Friday, February 10, 2017

Book 552


Goodbye Mog, by Judith Kerr, HarperCollins, 2003.

Every time my son saw Santa this year, he asked for a Mog Cat.  I may not be the quickest person in the world, but I knew what he was getting for Christmas.  Since he was getting the cat, I wanted him to have some of the books, too. 

Our little hamster, Fred, started showing signs of slowing down shortly after Thanksgiving.  By this time he was around three years old, which is remarkably old for a hamster.  I wanted to prepare my son for the inevitable, so I made sure that Goodbye Mog was among the Mog books.

The inevitable happen late on New Year's Eve.  By this time, my son had already read Goodbye Mog a few times.  As we were digging the hole to bury Fred, my son told me Fred was tired and he wanted to go to sleep forever.  So he did.  And that Fred's body was dead on Earth but his spirit alive in heaven.  There were a few tears -- OK, mostly from me -- but my son accepted that Fred had had a good long life and now he was at peace.  So, thank you, Goodbye Mog, for bringing my little boy some comfort.


Monday, January 2, 2017

Book 551


Mog, the Forgetful Cat, by Judith Kerr, Harper Books, 1970.

I seriously loved this book.  Although I'm wondering why I never heard of it until now.  I lived in England from the late 70s to the early 80s, and, although I was a little old for picture books by then, I did read to my younger sister.  She would have loved the heck out of this book. 

Well, at least I discovered the book in time to give it to my son.  He read it last night to his Mog Cat, and I was allowed to listen.  Occasionally, he even showed me some of the delightful illustrations.  Now I quite agree with him:  We need more Mog Books!

Book 550


Dawn of the Century, 1900 - 1900, Time/Life Books, 2000.

I have NO idea why my in-laws gave this book to my son for his eighth birthday -- except that he likes photography, and history, and geography.  OK, maybe I do know. 

The black and white photographs in the book are phenomenal.  And my little boy loved seeing how people lived a hundred years before he was born.



Thursday, December 29, 2016

Book 549


Mog in the Dark, by Judith Kerr, Collins Picture Lions, 1986.

Despite having lived in England for a few years during my youth, and then, much later, growing up to be a children's librarian, I wasn't familiar with Mog books.  At least I wasn't until last year, and that infamous, glorious Sainsbury advert.  I was so in love with Mog from the advert, I had to buy my own Mog the cat.  Then my son wanted one.  And one thing led to another and to this book.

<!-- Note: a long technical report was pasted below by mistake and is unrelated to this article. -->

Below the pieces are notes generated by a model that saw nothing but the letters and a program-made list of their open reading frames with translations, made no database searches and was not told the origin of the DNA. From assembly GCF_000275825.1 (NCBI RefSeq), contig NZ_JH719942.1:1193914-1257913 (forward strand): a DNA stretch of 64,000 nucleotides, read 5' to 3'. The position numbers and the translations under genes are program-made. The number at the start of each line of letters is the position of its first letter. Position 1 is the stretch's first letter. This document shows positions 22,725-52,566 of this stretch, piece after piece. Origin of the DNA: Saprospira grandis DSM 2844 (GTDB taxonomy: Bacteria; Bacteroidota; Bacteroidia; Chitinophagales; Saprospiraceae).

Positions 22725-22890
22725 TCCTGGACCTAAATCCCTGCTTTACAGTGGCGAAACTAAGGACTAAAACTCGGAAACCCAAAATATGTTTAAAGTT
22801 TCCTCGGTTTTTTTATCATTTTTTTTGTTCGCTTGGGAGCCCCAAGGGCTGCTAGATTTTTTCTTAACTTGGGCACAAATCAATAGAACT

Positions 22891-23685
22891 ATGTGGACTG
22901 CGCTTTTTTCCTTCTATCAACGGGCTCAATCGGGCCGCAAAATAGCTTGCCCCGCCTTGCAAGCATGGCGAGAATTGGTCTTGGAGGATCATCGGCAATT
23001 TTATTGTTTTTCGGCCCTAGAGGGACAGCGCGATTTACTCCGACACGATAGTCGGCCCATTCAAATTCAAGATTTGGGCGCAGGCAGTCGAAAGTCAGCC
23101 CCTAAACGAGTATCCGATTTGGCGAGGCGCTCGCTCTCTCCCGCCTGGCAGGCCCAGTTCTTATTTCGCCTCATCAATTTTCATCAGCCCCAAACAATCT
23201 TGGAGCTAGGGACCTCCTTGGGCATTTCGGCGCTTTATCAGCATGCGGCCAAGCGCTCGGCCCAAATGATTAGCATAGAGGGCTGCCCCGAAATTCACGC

Even though this book isn't the strongest outing for Mog the cat, my son still loved it.  I suspect, however, he will love the ones he is getting for Christmas even more.


Book 548


Clara and the Bookwagon, by Nancy Smiler Levinson, illustrations by Carolyn Croll, HarperTrophy, 1988.

This book is delightful, from the sweet story to the absolutely charming illustrations.  There is even a hefty dose of humor in it, for those who know where to look for it.  My second grade son used this book as a study in comparing and contrasting -- it worked quite well.

Book 547

Stepping Stones -- Peter Pan, based on story by J. M. Barrie, adapted by Cathy East Dubowski, Random House, 1991.

I love J. M. Barrie's Peter Pan -- both the play and the story from the play -- but this version is not at all like J. M. Barrie's Peter Pan.  Yes, it does tell the story of Peter Pan and Neverland, but in such a plain and dull way that all of the magic and intrigue is sucked out of the book.   Also, the illustrations verge on creepy.

I will say, however, that this version of the Peter Pan story may be slightly easier or beginning readers to read -- slightly.  If you do use this book, make sure to follow it up with the more exciting original version.

Tuesday, December 13, 2016

Book 546


The Original Adventures of Hank the Cowdog, by John Erickson, Puffin Books, 1999.

Full disclosure:  I didn't buy this book.  A friend of mine bought this book and three others for my son.  But she bought them because she remembered how we used to read them out loud and laugh at them at work.  (Oh, we were both children's librarians, so it wasn't as weird as it sounds.)

This book was pretty darn funny.  I'm not sure that my son caught all of the humor, but a few times he laughed out loud, and he understood the plot.  Good enough for me.